Election 2014

The Democrats Got Crushed in the Midterms. But "the Republican Brand [Still] Sucks." Here's What's Next.

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It's always easy to confuse the most-recent election as they most important and a bellwether for the next big thing in politics. And there's no question the the GOP has a ton of momentum after winning a majority in the Senate and making gains in the House of Representatives and state houses and legislatures around the country.

But the long-term trends strongly suggest that this recent uptick in the GOP's favor is only a temporary reprieve in the long, slow decline of both parties. Voter identification with both Democrats and Republicans is way down from a few decades ago and political independents are on the rise. That's especially true among voters below the age of 30. What's going on?

The short version is that political, cultural, and even economic power has been decentralizing and unraveling for a long time. Whether you like it or not, The Libertarian Moment is here, a technologically driven individualization of experience and a breakdown of the large institutions—governments, corporations, churches, you name it—that used to govern and structure our lives. The result is that top-down systems, whether public or private, right wing or left wing, have less and less ability to organize our lives. That's true whether you're talking about the workplace, the bedroom, or the bar down the street (that may now be serving legal pot). This is mostly good, though it's also profoundly disruptive too. 

That's from my Daily Beast column. For all sorts of reasons, we'll always have two major parties in America, but what they stand for can and does change on a regular basis. Neither party enjoys anything close to majority (or even plurality) support from most Americans. They're going to have change their frameworks and fast if they want to flourish.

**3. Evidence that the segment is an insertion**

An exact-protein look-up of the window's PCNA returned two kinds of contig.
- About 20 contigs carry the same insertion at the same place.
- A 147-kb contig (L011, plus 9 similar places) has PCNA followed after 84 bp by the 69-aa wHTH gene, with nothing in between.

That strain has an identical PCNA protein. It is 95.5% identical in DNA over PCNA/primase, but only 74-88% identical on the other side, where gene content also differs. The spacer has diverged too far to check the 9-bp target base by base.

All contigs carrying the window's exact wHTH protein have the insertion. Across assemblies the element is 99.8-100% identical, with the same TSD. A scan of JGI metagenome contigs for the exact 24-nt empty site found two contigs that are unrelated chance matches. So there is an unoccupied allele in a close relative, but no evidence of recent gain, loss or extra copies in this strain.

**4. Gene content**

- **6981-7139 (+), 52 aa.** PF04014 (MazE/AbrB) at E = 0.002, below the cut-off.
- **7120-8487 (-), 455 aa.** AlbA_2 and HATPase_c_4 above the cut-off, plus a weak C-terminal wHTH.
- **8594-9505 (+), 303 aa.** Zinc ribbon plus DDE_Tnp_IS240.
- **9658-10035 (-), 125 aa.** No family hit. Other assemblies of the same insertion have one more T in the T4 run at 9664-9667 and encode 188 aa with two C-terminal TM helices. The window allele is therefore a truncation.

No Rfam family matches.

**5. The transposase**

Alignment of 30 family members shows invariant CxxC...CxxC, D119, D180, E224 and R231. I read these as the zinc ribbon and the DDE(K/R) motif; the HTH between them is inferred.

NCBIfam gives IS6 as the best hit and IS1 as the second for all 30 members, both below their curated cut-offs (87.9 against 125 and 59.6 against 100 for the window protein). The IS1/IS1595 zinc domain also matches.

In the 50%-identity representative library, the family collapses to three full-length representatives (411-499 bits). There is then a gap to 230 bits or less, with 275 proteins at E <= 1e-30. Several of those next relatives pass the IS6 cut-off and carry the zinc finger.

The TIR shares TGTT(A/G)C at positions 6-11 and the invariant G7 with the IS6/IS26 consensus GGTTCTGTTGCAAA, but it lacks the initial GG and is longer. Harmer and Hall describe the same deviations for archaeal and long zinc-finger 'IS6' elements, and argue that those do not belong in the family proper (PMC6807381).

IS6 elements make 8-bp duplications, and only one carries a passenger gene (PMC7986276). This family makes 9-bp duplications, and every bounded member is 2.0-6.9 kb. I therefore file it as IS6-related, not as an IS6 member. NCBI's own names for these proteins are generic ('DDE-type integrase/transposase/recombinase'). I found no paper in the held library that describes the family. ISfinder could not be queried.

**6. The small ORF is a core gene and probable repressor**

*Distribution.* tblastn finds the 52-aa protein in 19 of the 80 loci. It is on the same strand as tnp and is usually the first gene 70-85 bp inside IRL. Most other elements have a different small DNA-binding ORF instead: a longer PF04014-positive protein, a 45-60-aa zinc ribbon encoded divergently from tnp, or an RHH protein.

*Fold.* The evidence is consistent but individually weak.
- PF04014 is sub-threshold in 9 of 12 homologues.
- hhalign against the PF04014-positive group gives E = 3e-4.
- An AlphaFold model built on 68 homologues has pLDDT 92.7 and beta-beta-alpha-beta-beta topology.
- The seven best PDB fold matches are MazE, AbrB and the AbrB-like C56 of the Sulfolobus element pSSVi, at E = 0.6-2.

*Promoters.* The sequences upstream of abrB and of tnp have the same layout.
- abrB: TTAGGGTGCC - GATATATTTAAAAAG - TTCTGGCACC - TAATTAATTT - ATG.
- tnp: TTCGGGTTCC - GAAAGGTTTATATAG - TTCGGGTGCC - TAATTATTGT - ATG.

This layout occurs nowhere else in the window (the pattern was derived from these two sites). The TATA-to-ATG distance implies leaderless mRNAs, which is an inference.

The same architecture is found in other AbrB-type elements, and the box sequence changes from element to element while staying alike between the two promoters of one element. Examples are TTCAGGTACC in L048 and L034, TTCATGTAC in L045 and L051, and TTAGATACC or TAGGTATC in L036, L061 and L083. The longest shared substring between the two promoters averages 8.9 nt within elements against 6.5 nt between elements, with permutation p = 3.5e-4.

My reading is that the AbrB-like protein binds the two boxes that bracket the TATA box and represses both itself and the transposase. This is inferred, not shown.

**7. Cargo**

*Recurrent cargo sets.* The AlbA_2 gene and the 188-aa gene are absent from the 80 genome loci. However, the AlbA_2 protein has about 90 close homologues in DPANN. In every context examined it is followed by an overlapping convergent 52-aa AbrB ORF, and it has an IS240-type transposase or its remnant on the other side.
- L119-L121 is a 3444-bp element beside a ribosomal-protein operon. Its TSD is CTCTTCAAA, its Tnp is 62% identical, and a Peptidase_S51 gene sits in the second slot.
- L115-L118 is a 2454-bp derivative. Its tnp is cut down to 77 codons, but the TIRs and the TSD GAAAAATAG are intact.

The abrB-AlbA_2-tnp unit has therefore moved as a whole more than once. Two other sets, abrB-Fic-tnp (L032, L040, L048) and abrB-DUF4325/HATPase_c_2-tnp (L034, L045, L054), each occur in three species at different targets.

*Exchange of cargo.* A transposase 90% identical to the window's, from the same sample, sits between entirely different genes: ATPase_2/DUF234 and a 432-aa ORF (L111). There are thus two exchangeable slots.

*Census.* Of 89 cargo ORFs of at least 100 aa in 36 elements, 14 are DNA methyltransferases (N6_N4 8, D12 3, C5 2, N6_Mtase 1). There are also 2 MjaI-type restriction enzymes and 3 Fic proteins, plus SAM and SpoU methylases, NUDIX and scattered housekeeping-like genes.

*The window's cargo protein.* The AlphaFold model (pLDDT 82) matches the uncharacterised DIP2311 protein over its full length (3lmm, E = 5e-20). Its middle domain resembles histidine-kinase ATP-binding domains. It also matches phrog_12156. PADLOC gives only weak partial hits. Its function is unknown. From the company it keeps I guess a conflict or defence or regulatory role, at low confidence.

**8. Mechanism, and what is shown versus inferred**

In a world where you can personalize and individualize your online experience, your clothing, your work situation, even your sexuality, why would anyone join up for ossified, rigid, centuries-old groups such as the Democrats or Republicans? "The Repulican brand sucks," Sen. Rand Paul of Kentucky said recently of his own party, which he compared to Domino's Pizza. If the Republicans are Domino's, then the Democrats are Pizza Hut. Neither is appealing in a world of easy-to-find gourmet fare.

And that's why the future of politics and policy doesn't belong to doctrinaire Democrats or Republicans who want to control large swaths of everyday life. It belongs ultimately to the libertarian decentralists such as Paul who not only understand what is happening to America but are growing comfortable with it. Americans are increasingly wary of government's power, and they don't want it to teach a single set of morals either. Everything is proliferating and people just want a government that will keep people from starving on the streets and get out of the way as they go to the corner pot shop to buy edibles to take to their friends' gay wedding celebrated by ministers who are not forced to do so.

Politicians and parties who champion policies that embrace economic and social decentralization will own the future, even as they wield less power by letting people discover how they actually want to live. Whoever wins tonight would do well to remember that. Because if they don't, they'll be losers again, and sooner than you think.

NEXT: VID: Ventura County Residents Blocked From Voting on Pension Reform

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  1. I’ve had it with Reason’s Domino’s bashing!! They fixed their pizza more than a year ago.

    It’s not as good as Round Table, but I’ll eat it.

    1. The Reason staff are all some variety of hipster doofus. They think New Haven style with peach chutney and prosciutto constitutes good pizza.

      1. What’s wrong with that John?

        1. Apart from “everything”?

          1. Hogwash. I’m a vegetarian now, but that would have been fine in the past. Certainly better than Domino’s.

            It’s possible that you and John aren’t refined enough to appreciate the complexity and boldness. Not everyone can be so lucky or gifted.

            1. “I am a vegetarian now…”

              I stopped reading right there.

              You have no say in this. Pizza requires MEAT. Piles of meat. Mountains of spicy meaty deliciousness.

              1. I was mostly joking, but I actually am a vegetarian haha.

                We’ll agree to disagree. Pizza shouldn’t require needless pain or death to taste good. Ideally, all the cheese we use would come from cows that are ethically treated. Most pizza places obviously don’t source their cheese this way, but I can’t resist sometimes. I do love good pizza.

                1. Pizza shouldn’t require needless pain or death to taste good.

                  I hadn’t made up my mind whether I liked you or not. But that did it.

                  1. I hope you’re joking. I was kidding a bit, but I do have ethical concerns with meat eating. It isn’t like I’m going to work to prevent you from eating it. See my below as well.